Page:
Kaspersky Lab Sues U.S. Government, Calls Ban ‘Legislative Punishment’

Cybersecurity firm Kaspersky Lab has filed a lawsuit targeting the second of two federal bans on its products. The latest suit goes after language in a defense law explicitly blocking the purchase of Kaspersky products. An earlier suit targets a Homeland Security directive doing the same, Law reports.

With Washington reluctant to impose additional sanctions on Russia, White House Cyber czar Rob Joyce pointed to Kaspersky as an example of the Trump administration taking Russia seriously. While Kaspersky isn’t alleged to be involved in the election hacks of 2016, it’s hard not to see the actions against the firm in the context of deteriorated relations with Moscow, as part of a growing spat between the two countries.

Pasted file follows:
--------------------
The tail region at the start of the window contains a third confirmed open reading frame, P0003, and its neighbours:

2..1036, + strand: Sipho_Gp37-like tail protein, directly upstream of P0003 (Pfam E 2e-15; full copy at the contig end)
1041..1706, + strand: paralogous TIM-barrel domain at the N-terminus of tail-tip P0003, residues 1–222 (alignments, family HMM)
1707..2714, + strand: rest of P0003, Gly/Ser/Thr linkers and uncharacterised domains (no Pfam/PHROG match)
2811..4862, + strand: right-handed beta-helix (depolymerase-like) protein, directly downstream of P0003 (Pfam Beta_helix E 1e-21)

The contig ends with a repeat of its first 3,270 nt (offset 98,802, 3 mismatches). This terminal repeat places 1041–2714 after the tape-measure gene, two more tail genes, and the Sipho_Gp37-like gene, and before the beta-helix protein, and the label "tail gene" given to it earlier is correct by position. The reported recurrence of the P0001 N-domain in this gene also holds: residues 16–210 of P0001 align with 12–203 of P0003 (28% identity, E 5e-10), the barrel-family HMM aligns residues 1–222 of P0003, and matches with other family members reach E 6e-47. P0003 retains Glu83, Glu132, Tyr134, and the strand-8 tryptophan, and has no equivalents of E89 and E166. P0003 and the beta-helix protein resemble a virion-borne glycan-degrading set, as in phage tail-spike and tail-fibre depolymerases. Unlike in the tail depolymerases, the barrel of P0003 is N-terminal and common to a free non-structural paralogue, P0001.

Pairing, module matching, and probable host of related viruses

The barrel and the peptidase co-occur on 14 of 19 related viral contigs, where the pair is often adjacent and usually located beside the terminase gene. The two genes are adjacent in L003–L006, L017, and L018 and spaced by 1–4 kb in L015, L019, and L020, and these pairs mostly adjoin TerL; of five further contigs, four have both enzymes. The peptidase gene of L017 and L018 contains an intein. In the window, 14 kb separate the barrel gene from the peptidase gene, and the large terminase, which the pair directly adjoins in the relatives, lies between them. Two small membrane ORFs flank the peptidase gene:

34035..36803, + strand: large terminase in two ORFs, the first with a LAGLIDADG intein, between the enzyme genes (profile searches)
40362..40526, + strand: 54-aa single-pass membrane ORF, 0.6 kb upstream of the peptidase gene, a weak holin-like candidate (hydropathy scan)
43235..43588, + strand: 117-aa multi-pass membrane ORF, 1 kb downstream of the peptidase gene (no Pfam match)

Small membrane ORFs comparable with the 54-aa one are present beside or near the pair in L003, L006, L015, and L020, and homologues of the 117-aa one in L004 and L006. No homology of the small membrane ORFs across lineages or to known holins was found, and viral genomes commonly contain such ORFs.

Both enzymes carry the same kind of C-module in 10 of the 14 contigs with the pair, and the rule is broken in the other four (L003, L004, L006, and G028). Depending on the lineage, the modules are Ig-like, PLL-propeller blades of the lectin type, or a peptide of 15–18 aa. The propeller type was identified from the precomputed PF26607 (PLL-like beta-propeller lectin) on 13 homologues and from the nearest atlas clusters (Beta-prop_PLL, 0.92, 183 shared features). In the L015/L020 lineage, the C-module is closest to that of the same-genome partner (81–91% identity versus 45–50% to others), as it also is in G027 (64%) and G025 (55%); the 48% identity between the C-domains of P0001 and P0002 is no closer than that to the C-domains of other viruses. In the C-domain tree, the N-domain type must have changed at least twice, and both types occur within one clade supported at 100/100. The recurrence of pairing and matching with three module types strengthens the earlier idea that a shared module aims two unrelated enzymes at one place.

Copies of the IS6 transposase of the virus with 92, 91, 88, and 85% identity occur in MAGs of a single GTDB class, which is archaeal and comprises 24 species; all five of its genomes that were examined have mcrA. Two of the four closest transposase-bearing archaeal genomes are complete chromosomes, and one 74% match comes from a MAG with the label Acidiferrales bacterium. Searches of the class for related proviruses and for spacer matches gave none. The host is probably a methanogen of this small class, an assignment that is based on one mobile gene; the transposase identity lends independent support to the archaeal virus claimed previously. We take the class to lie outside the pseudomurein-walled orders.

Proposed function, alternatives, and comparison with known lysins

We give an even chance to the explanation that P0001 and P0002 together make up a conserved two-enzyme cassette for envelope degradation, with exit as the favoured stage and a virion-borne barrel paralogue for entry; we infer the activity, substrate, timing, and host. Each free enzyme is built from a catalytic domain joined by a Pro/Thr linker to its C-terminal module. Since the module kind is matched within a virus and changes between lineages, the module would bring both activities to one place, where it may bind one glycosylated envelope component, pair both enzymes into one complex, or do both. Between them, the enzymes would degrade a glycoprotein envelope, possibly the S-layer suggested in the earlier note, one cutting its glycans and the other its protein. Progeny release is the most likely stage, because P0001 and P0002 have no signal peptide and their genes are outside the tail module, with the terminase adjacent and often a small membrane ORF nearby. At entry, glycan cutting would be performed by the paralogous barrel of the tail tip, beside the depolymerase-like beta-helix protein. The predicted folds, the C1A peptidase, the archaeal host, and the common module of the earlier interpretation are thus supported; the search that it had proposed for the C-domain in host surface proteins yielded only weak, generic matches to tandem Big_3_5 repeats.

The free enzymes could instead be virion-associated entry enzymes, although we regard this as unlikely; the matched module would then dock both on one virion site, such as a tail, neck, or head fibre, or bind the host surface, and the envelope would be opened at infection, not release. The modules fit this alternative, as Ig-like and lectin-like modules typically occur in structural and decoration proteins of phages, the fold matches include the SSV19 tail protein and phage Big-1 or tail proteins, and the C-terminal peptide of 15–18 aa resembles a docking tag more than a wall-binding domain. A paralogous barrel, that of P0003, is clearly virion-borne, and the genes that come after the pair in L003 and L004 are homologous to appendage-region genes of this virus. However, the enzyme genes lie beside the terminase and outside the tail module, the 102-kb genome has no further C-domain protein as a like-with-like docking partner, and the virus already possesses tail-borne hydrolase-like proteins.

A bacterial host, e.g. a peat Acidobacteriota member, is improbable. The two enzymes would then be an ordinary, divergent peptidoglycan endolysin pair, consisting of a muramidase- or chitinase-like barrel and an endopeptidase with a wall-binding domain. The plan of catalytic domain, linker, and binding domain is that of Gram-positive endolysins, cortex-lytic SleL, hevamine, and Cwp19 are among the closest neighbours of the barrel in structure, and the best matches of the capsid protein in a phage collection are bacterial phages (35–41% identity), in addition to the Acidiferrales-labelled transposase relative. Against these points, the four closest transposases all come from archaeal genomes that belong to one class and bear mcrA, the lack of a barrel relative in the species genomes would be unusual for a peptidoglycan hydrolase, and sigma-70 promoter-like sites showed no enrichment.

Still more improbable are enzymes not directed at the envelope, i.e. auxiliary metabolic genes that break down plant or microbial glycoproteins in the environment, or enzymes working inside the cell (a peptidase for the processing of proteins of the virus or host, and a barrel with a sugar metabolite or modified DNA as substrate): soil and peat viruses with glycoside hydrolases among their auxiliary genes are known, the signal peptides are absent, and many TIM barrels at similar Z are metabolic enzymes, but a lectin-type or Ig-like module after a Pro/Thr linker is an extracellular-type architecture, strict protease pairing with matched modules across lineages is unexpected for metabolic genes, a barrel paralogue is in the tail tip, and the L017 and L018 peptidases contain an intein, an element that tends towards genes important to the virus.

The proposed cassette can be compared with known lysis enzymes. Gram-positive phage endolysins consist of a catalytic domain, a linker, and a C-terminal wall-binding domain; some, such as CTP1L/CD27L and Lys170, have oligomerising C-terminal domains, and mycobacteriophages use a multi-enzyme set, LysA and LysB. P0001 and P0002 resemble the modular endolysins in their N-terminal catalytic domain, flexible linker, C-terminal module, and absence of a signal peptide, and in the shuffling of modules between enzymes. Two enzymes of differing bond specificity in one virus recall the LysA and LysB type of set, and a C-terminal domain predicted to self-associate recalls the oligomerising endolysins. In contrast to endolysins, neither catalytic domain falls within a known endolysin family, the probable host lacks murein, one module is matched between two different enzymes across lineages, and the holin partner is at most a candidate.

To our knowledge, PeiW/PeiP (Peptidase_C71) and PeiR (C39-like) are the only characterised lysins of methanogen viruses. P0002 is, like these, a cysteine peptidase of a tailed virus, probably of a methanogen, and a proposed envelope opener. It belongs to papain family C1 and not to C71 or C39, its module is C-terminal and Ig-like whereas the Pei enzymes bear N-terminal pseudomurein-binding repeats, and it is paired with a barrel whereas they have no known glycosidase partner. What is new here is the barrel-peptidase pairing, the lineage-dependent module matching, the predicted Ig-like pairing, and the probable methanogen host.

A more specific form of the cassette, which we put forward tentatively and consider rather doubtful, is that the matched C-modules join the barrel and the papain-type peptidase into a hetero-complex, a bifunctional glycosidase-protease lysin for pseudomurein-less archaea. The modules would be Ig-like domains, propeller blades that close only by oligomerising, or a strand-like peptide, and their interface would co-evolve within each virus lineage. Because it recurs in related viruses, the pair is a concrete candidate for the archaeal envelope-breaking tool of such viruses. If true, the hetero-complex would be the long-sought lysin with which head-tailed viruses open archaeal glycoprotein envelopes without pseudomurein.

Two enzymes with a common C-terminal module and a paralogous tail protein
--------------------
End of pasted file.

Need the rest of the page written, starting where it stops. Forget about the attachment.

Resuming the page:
At the center of the Kaspersky, bans are fears Russia could use its products in espionage operations. Media reports suggest U.S. intelligence believe this has already happened when spies reconfigured the malware detection feature of Kaspersky antivirus to search for classified documents. That has never been confirmed by the U.S. government and the company denies witting involvement in any such scheme.

Kaspersky argues, in a Monday filing in D.C. federal court, that the defense authorization serves as an unconstitutional “bill of attainder,” a law targeted specifically at an individual or small group.

The company has denied having any ties to Russian intelligence. In its filing Monday, it said it has never been convicted of a crime or been subject to an adverse judicial finding.

“Nor is there any compelling reason to even suspect the company of a crime,” Fayhee wrote. “In fact, Department of Homeland Security (DHS) officials testifying before Congress have expressly stated that there is no conclusive evidence that Kaspersky Lab has ever facilitated a breach of government information systems.”

Kaspersky’s request for a preliminary injunction blocking the DHS directive is pending before Judge Colleen Kollar-Kotelly in the U.S. District Court for the District of Columbia. The company filed a brief supporting the preliminary injunction request on Monday.